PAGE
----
Rise of the Runelords VA

From the Journal of Redgar Ironhand #26

Redgar Takes a Breath

The Runeforge has certainly lived up to our expectations for it. Its denizens have tested us, right up to our limits, and only through tenacity and luck have we managed to survive. We have bested but one wing of this strange laboratory, and in so doing have been humbled again by enemies of enormous power.

We consulted in the main chamber at length before deciding to go down the path claimed by Karzog, Runelord of Greed. We found the entrance to his laboratory to be enchanted by magic of illusion—and only after wasting many hours wandering in place did we realize we had been fooled. Approaching the entrance again, we told ourselves to disbelieve. This changed the endless corridor to something much more mundane. For whatever reason, Aramil found it especially difficult to follow us in this act of disbelief. I returned to the entrance to help him, and though he seemed shaken, he managed to follow us in.

The next challenge was a fairly normal-looking door. Masud volunteered to check it for traps, and I went forward to assist. As he was working on the mechanism, the door sprang out at us, crushing both of us against the far side of the hall. I, fortunately, was able to weather the assault, but Masud was badly hurt. Only through one of Torag’s timely gifts was I able to keep him from passing on.

Further in, we found a strange forge room populated by giant elementals. Our party rallied together against the fiends, and with Aramil’s magic supporting us, were able to best them handily. We pushed on, and found pools of strange, identical fish swimming in magical fountains. We did not learn until later than these poor creatures were almost certainly ancient servants of the Runelords—turned into fish in a cruel act of experimentation.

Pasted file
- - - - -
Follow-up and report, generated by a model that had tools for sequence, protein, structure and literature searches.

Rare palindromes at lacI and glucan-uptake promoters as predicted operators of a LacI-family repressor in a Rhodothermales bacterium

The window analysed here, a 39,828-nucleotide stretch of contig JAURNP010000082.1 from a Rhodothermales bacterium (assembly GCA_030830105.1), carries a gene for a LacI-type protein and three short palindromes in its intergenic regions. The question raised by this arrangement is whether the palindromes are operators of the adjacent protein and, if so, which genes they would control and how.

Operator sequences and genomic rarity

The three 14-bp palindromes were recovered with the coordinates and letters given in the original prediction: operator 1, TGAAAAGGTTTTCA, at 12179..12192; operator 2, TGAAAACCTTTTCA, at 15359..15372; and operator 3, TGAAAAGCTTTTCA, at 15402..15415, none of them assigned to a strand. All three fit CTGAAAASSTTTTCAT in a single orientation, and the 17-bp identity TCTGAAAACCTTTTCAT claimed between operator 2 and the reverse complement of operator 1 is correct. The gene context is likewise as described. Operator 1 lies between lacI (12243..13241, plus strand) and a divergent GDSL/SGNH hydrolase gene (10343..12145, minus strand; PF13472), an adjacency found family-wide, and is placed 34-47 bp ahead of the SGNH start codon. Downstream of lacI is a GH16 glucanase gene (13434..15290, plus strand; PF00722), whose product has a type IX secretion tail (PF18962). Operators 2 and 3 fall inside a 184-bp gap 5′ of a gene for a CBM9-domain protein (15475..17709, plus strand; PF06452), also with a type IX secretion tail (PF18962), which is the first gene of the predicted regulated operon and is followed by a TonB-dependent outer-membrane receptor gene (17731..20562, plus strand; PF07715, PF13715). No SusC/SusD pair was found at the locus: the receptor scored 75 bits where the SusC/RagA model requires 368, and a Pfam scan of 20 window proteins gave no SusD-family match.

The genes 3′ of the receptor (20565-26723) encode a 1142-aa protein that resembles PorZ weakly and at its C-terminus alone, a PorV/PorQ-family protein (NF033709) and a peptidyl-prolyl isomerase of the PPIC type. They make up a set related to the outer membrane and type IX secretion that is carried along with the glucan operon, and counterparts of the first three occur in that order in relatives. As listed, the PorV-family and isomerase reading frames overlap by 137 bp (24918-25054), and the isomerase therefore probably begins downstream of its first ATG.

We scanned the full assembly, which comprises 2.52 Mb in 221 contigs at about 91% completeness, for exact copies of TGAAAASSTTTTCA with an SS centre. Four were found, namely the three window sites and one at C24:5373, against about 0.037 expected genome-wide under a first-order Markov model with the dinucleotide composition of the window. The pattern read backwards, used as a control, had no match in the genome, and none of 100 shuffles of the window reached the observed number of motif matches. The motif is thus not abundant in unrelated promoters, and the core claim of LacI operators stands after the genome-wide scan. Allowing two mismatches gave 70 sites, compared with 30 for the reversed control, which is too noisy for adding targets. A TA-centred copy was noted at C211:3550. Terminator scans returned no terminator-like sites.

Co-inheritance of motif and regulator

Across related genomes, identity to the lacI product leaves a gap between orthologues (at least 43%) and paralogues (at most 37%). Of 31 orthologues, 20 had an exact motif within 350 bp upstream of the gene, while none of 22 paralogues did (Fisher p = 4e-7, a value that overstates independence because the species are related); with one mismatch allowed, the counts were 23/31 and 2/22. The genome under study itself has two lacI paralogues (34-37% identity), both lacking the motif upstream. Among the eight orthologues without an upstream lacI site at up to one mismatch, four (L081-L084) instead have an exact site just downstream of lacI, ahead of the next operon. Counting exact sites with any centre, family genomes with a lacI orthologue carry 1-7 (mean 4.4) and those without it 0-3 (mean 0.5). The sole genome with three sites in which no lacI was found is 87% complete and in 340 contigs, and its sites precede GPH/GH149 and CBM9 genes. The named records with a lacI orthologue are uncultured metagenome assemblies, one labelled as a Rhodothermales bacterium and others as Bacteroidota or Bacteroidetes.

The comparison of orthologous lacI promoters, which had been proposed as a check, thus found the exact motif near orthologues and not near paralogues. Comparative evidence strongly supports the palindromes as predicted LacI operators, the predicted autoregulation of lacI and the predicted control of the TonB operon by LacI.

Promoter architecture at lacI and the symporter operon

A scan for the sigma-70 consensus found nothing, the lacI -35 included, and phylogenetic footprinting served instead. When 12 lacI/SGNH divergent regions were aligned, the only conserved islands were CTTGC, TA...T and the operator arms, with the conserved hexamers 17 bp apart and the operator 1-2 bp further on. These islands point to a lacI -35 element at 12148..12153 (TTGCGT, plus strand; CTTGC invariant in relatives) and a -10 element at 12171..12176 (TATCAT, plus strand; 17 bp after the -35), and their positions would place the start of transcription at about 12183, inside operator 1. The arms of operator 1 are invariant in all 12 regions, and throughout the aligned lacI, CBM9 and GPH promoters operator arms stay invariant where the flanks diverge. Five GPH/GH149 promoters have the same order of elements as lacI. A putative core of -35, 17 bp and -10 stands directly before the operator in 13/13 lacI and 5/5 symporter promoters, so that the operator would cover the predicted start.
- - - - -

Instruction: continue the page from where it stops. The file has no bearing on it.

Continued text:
The corridors twisted and turned, and on trepidatious steps we came to another set of double doors. Syphacia was able to tell us that there was someone working on the other side, and so forewarned we readied ourselves for battle. We threw open the doors and were immediately beset upon by a strange sorcerer with a body of adamantine metal.

We fought the sorcerer for what seemed like ages—hurling spells, arrows, and curses at a foe who preferred to hover above in relative safety. We were able to bleed down the villain only very slowly, and in so doing used much of our powers. As we did, he retaliated with strange and disruptive curses, burning many of us, and polymorphing poor Aramil into a tiny, prickly beast. When it finally looked like victory was certain, the sorcerer fled, leaving us with the choice to follow or lick our wounds.

We did some of both. For a while we played cat and mouse with him beyond another set of doors, not knowing that every time he retreated he regained much of his power through use of some arcane fountain. Finally, with the situation at its most dire, we stormed forward, and I invoked an anti-magic field. The field nullified many of the sorcerer’s powers, and prevented him from transforming into various monstrous forms. Razan, Coram, and Masud piled on with what remained of our strength, and finally we smote him dead.

We found no other evils in the Greedlord’s lair, but the battle was so exhausting that we dared not go further. I think I may be able to restore Aramil to form given a day’s rest, and possibly heal some of the other lingering injuries among my compatriots if given the chance. If nothing else, this encounter has shown us again just who we are. Together we are brave and strong, but we are not invincible. There are many foes who laugh at what we call courage.

I rest now and pray to Torag for guidance. There are six more wings of this prison to be cleared. With luck, not all of them need to be depopulated for our mission to be successful. For that, I guess we shall see.



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